2) Hey, we should lower the speed limit.

3) Nonsense, the "speed limit" is whatever 80% of drivers decide to drive.

4) Repeat until all the words become gibberish.

As far as "speed not a factor", this comment from the other thread should be required reading for everyone here. Okay, for every American adult:


Look at the front end damage on that vehicle. That was caused by a driver hitting a 9 year old child in a residential road in a suburban housing development (http://goo.gl/maps/TxGWE).


Two responses:

Why is it good that they don't mention helmets? It's proven that helmets can save a life or reduce injury. That's a good thing. Any cyclist who is injured worse than he/she would have been with a helmet on should have worn one.

When they say "speed wasn't a factor" they mean the truck wasn't exceeding (or exceeding more than usual) the speed limit. Of course speed was a factor--every collision involves an object going faster than 0 mph--it just wasn't a factor in someone being at fault.

When they say "speed wasn't a factor" they mean the truck wasn't exceeding (or exceeding more than usual) the speed limit.

Your "exceeding more than usual" should be in bold, and underlined, btw.

I suppose the rest of your comment depends on what you mean by "at fault". Was a driver at fault if he was driving in a residential neighborhood doing the "usual" 10+ over the limit? Sure, he might have been able to stop or avoid a child on a bike if he'd been driving, say, 20 mph instead of the "usual" 30-35 mph.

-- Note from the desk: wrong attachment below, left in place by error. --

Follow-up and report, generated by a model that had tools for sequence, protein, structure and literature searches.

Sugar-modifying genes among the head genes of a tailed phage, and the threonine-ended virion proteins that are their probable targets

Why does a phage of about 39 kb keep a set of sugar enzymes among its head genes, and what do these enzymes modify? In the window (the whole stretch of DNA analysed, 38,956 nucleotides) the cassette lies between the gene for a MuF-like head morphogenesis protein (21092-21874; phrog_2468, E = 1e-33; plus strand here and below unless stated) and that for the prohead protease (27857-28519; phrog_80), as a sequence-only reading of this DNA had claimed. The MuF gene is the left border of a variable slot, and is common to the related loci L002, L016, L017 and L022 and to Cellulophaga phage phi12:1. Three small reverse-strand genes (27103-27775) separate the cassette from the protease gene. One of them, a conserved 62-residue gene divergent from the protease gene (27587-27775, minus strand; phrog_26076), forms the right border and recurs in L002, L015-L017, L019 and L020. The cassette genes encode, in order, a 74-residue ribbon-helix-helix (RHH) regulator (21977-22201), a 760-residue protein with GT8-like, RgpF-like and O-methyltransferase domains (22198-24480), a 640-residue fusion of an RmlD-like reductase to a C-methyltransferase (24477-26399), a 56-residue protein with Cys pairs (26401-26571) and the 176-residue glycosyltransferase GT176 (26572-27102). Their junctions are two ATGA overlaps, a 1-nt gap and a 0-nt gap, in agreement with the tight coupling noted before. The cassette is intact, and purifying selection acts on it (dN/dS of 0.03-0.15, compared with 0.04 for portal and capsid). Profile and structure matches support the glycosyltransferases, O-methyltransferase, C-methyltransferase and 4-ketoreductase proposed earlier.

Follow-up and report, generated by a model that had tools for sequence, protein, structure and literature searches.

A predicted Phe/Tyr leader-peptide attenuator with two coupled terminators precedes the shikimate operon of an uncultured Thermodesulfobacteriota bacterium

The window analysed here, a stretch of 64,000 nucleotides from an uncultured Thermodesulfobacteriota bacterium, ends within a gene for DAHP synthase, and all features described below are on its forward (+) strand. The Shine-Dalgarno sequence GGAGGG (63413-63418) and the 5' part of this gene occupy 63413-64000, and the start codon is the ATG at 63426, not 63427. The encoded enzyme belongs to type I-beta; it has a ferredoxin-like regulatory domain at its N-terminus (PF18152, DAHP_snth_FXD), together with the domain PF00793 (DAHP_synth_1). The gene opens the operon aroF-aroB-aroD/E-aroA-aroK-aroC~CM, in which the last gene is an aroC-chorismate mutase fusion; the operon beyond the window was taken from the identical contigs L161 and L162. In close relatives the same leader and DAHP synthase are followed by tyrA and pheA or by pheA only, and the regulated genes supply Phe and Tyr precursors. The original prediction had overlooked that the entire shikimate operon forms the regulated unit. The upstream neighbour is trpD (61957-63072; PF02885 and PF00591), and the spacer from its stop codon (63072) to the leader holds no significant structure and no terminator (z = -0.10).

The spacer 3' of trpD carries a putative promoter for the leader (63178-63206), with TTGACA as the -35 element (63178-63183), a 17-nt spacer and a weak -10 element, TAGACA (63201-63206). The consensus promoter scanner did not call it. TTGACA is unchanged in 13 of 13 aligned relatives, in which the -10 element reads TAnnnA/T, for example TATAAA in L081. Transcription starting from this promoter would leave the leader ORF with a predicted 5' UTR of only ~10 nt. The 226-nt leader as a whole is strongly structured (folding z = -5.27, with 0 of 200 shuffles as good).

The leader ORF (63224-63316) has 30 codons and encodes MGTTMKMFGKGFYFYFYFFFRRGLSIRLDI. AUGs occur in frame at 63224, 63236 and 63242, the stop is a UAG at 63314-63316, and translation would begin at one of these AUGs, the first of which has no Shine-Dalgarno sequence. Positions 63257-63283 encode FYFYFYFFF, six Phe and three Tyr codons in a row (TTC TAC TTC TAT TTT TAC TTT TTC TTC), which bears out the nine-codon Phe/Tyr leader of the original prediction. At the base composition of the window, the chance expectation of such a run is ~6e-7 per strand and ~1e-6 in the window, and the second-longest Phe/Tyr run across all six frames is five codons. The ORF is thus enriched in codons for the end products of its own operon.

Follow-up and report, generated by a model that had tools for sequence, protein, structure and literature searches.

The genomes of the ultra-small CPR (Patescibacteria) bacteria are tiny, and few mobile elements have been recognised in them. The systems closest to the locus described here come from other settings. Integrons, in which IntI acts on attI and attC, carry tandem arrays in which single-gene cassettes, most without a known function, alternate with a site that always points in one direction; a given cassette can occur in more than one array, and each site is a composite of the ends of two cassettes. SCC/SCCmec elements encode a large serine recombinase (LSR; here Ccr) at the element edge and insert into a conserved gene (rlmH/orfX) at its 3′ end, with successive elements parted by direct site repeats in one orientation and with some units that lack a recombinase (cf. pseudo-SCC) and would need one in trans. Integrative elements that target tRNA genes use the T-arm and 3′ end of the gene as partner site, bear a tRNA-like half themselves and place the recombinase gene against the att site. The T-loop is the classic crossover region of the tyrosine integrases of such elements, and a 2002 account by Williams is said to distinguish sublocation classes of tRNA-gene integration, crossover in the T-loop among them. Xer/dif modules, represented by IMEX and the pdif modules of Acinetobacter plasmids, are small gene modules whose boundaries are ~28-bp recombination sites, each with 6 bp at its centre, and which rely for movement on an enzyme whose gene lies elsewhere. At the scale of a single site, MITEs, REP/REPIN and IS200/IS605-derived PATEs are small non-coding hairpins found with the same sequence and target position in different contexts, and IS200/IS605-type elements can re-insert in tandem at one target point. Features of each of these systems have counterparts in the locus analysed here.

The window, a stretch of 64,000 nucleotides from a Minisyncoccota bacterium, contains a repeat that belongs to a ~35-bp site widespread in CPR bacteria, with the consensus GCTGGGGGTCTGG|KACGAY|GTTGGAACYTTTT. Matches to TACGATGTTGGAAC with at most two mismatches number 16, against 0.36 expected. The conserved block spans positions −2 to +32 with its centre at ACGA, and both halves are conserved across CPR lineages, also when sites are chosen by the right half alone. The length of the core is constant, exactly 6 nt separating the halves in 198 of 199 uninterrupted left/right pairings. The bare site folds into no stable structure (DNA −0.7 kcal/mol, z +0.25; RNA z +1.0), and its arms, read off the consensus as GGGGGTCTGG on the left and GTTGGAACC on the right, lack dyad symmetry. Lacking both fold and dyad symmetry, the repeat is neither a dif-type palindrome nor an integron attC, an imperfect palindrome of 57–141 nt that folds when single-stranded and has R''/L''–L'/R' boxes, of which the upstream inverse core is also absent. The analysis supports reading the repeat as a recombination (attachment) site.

Technically the child is at fault here. After all, he wasn't adhering to the traffic laws, and as a cyclist, is required to obey all traffic laws just like a car unless otherwise stipulated. The 9 year old was the scofflaw here, so the driver needn't worry--they weren't at fault.

And yet, I'd imagine they probably have just a twinge of (misplaced) guilt somewhere in the back of their conscience. I know it's silly, but for whatever reason, I can't help feeling like they probably wish they had it all to do over again, and this time they'd slow the F down.

The civil courts will likely have their own go at the speed question, inter alia, in this and the other sad case, won't they?

Speed wasnt a factor because the police decided not to factor it.

Whether a vehicle is speeding is critical in Virginia which has a statute that Maryland and DC don't have.

46.2-823: "The driver of any vehicle traveling at an unlawful speed shall forfeit any right-of-way which he might otherwise have under this article."

In this case, if it had been Virginia, if the truck broke the speed limit, it forfeited right-of-way to the cyclist.